What should be included in COGS for my SaaS business?
March 9, 2017
Accounting rules are very specific on some things, and surprisingly unhelpful in other areas. There are no Generally Accepted Accounting Principles (GAAP) rules on the type of costs that are included in Cost of Goods Sold (COGS).
This is unfortunate because the gross margins of SaaS businesses are very important to overall performance, profitability, and valuation.
Having analyzed over 1,000 SaaS company financial statements, SaaS Capital has pulled together our thoughts on the subject. Here is what we generally see included, and what we recommend.
Costs we recommend including in COGS:
- Hosting Costs
- Employee costs related to keeping the production environment running
- Employee costs for customer support/success of the application, but excluding any sales costs for up-sells, or cross-sells
- Cost of any third-party software or data that is included in your delivered product
- Any other direct employee costs required to deliver the ongoing service
Also included, but to be broken out separately:
- Professional services costs (implementation or other)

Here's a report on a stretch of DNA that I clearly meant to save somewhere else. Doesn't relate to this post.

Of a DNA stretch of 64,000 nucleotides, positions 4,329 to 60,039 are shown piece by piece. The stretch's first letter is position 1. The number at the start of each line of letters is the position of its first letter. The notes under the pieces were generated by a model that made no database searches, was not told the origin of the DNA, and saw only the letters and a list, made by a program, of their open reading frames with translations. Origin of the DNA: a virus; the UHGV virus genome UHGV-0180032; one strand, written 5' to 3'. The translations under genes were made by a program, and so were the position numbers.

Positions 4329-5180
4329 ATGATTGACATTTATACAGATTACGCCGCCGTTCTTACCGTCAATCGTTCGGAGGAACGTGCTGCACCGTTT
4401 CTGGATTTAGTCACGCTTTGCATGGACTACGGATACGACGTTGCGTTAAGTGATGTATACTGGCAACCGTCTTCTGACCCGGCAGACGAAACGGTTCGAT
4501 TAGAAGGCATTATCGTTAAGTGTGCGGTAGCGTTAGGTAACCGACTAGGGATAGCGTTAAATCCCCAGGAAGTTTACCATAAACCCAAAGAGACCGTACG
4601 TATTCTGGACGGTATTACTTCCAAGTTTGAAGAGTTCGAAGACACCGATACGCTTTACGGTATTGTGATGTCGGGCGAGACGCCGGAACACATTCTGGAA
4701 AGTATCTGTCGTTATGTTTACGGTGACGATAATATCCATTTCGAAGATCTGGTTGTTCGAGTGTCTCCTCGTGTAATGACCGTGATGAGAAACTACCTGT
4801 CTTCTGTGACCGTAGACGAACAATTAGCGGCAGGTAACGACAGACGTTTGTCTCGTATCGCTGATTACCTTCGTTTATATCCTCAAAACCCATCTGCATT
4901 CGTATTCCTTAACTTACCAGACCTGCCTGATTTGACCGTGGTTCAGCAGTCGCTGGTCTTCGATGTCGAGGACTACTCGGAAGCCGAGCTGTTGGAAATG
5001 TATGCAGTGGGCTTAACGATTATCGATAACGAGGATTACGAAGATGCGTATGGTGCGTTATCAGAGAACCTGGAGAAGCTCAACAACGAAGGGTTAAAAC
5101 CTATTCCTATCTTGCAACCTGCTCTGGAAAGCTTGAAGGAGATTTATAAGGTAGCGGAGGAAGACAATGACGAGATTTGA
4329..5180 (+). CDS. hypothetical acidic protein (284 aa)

Things we advise against including:
- Sales commissions
- Allocated overhead charges
- Customer success costs associated with cross-selling/up-selling
- Product development costs
- Third-party software use in-house for operations, but not packaged in your product
We would also advise to keep it simple and avoid sophisticated chargebacks or allocations. Formulas for those costs are subject to review and change, and each change destroys historical trend-line data useful to the business.
If you structure your P&L as suggested above, you will be in-line with the majority of other private SaaS businesses. This will allow you, potential investors, or a possible future acquirer, to more quickly understand your business and benchmark your performance.
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